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  10. Joseph S. Fulda (2012). Authors' Moral Rights—And How Editors and Publishers Routinely Abridge Them. Journal of Information Ethics 21 (2):7-9.
    Discusses a variety of maneuvers that editors and publishers, respectively, use with the untoward result that the author conveys something other than what and only what he intended to convey.
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  11. Joseph S. Fulda (2012). Written for the Moment. Journal of Information Ethics 21 (1):21-26.
    This article argues that the disclosure, dissemination, sale, and publication of texts—such as text messages, e-mails, and letters—addressed to anyone other than the public at large are gravely and profoundly immoral. The argument has two strands, the first based on a conception of privacy largely due to Steven Davis (2009), and the second based on the concept of authorial autonomy and its reverse, authorial dilution.
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  12. Joseph S. Fulda (2011). Sting Operations Revisited More Generally: Seeing the Forest and the Trees. Sexuality and Culture 15 (4):395-398.
    Review article referring to my prior work in many contexts with the upshot that: Subject to an /extremely/ limited set of exceptions, /all/ sting operations are /per se/ gravely and deeply immoral for the simplest and plainest of reasons: They are calculated and deliberate attempts to bring out the worst in a fellow human being, to play to their weaknesses, and to pander to their blind spots. Whether performed by the government, the media, or other private organizations (for-profit or not-for-profit), (...)
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  13. Christine Hemingway (2005). Personal Values As a Catalyst for Corporate Social Entrepreneurship. Journal of Business Ethics 60 (3):233-249.
    The literature acknowledges a distinction between immoral, amoral and moral management. This paper makes a case for the employee (at any level) as a moral agent, even though the paper begins by highlighting a body of evidence which suggests that individual moral agency is sacrificed at work and is compromised in deference to other pressures. This leads to a discussion about the notion of discretion and an examination of a separate, contrary body of literature which indicates that some individuals in (...)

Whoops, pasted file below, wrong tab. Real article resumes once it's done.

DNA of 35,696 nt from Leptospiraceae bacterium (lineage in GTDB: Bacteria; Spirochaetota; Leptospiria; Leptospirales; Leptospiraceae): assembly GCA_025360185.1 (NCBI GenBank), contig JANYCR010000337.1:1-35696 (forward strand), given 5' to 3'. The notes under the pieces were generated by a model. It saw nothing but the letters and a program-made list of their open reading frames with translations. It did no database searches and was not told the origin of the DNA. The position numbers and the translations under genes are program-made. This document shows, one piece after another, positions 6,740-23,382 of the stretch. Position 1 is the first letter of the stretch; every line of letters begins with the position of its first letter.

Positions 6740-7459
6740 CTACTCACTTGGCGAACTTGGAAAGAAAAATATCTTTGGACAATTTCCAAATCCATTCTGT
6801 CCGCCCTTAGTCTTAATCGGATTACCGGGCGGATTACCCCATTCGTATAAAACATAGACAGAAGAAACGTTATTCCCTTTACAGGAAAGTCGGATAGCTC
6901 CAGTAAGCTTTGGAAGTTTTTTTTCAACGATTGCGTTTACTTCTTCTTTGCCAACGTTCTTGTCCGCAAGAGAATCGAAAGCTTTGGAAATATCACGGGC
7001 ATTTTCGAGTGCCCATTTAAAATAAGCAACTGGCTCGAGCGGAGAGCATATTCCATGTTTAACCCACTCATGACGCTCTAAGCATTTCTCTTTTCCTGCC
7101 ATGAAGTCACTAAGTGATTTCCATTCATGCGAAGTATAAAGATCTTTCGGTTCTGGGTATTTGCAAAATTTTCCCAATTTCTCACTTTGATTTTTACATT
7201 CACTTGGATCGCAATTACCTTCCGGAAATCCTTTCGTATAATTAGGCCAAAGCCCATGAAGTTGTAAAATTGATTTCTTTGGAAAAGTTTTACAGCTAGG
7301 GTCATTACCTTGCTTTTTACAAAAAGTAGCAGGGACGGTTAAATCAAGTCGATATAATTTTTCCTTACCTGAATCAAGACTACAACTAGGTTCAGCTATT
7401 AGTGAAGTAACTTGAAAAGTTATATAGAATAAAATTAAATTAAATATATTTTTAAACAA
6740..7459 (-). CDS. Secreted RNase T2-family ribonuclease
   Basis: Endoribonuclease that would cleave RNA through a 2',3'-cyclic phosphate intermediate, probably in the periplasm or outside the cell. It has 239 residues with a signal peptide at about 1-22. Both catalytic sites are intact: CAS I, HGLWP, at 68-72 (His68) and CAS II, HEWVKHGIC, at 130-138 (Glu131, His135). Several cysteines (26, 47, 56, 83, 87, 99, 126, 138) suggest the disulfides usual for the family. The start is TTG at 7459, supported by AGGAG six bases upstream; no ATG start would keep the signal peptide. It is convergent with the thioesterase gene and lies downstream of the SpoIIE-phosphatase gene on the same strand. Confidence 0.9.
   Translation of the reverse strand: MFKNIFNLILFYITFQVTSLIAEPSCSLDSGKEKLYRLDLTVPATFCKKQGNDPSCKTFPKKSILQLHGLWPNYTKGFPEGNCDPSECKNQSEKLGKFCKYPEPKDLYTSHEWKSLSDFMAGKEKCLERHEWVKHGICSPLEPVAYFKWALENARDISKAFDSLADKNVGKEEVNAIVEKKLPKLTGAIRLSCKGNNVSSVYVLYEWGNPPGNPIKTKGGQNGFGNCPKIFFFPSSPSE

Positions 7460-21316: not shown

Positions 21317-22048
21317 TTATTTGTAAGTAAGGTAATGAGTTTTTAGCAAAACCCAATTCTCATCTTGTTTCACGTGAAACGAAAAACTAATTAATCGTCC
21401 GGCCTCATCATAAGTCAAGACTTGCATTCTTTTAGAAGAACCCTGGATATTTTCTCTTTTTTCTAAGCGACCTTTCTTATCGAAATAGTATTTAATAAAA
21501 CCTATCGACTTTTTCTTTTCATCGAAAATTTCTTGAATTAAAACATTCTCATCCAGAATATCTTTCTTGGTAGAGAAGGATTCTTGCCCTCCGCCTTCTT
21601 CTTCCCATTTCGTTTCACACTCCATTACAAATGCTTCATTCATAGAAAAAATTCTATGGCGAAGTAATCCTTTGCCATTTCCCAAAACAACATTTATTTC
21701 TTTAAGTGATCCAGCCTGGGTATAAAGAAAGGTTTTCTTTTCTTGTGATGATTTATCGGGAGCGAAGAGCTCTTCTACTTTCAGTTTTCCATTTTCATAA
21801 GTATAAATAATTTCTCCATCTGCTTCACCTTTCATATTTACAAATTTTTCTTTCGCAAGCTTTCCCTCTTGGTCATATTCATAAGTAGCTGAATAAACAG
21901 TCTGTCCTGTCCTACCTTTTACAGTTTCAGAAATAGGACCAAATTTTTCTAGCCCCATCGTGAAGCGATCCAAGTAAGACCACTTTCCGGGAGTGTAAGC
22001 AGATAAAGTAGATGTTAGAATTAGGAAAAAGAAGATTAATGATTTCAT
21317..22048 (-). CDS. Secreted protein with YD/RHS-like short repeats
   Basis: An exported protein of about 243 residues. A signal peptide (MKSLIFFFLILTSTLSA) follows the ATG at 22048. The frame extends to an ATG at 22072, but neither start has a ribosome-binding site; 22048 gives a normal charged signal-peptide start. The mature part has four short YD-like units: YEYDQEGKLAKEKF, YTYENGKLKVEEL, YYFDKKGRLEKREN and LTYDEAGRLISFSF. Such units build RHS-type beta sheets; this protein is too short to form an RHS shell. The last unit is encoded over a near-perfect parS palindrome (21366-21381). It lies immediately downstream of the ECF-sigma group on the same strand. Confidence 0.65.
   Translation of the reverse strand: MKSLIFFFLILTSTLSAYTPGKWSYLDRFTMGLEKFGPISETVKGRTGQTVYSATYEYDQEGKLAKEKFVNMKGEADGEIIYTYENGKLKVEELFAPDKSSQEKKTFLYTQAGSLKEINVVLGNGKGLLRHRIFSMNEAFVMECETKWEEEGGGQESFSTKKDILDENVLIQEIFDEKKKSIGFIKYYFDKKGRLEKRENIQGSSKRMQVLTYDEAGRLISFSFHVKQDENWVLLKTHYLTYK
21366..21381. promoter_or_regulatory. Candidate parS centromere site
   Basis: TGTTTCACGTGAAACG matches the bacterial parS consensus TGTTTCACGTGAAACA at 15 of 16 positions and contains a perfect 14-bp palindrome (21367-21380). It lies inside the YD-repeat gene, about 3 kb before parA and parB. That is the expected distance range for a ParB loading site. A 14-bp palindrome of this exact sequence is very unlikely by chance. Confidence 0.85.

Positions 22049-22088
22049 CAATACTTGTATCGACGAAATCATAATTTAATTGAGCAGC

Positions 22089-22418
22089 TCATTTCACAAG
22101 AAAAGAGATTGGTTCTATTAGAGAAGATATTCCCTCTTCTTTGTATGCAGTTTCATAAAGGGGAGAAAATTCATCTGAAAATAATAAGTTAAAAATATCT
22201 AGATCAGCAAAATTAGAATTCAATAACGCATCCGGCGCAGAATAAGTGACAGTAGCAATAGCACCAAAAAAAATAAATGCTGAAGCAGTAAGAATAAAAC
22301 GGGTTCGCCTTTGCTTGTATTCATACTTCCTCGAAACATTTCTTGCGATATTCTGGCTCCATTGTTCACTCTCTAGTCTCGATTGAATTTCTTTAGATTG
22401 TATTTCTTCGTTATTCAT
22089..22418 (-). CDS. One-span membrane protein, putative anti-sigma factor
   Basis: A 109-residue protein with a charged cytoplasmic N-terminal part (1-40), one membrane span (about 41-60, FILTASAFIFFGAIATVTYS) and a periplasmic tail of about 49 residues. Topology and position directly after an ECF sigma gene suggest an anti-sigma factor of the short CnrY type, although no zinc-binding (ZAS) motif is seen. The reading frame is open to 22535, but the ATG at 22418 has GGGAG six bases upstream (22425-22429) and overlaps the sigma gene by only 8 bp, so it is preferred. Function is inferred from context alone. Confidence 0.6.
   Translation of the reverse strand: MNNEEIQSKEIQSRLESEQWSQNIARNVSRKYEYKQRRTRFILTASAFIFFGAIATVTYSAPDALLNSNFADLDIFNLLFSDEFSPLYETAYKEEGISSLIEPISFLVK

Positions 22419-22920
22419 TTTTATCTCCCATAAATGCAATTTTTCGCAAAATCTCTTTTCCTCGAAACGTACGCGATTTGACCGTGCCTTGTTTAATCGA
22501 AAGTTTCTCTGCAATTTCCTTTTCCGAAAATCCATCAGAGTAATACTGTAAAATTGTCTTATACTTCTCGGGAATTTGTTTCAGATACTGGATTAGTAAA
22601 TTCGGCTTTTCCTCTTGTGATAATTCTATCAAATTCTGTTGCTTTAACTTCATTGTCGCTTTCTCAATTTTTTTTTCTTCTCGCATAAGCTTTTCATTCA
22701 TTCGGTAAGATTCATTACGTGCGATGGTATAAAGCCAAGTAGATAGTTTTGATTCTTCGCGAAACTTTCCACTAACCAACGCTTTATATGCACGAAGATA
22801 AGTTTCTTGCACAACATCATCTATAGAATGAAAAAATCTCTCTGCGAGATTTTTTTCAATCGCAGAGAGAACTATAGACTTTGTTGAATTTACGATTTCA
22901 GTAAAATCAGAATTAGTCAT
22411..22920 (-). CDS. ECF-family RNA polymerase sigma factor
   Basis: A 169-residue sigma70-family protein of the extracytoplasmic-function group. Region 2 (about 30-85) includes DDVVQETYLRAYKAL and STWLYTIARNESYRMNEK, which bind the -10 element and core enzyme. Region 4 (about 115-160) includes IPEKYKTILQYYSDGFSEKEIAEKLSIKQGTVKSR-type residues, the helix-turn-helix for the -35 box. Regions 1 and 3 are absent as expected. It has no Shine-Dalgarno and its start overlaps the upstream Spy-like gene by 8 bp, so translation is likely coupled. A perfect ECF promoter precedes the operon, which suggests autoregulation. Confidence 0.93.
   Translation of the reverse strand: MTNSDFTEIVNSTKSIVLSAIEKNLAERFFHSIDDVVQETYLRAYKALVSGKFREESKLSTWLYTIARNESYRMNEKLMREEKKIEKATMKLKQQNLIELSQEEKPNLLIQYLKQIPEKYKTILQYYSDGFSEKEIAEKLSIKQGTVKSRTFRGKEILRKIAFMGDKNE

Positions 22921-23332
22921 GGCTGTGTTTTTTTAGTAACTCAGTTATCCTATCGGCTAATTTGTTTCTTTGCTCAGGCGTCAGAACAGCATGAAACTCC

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  14. Christine A. Hemingway (2005). Personal Values As a Catalyst for Corporate Social Entrepreneurship. Journal of Business Ethics 60 (3):233-249.
    The literature acknowledges a distinction

    between immoral, amoral and moral management. This

    paper makes a case for the employee (at any level) as a

    moral agent, even though the paper begins by highlighting

    a body of evidence which suggests that individual

    moral agency is sacrificed at work and is

    compromised in deference to other pressures. This leads

    to a discussion about the notion of discretion and an

    examination of a separate, contrary body of literature

    which indicates that some individuals in corporations

    may use their discretion to behave in a socially (...)
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  15. John P. Lizza (2010). Potentiality and Persons at the Margins of Life. Diametros 26:44-57.
    The concept of potentiality is often invoked in debate over the moral status of human embryos. It has also been invoked, though less prominently, in debate over the moral status of anencephalic infants, individuals in permanent vegetative state, and the whole-brain dead. In this paper, I examine some of the theoretical assumptions underlying the concept of potentiality invoked in these debates. I show how parties in the debate over the ethical significance of potentiality have been talking past each other to (...)
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  16. Hugh V. McLachlan (2010). Moral Rights to Life, Both Natural and Non-Natural: Reflections on James Griffin's Account of Human Rights. Diametros 26:58-76.
    Rather than to focus upon a particular ‘right to life’, we should consider what rights there are pertaining to our lives and to our living. There are different sorts. There are, for instance, rights that constitute absences of particular duties and rights that correspond to the duties of other agents or agencies. There are also natural and non-natural rights and duties. Different people in different contexts can have different moral duties and different moral rights including rights to life. The question (...)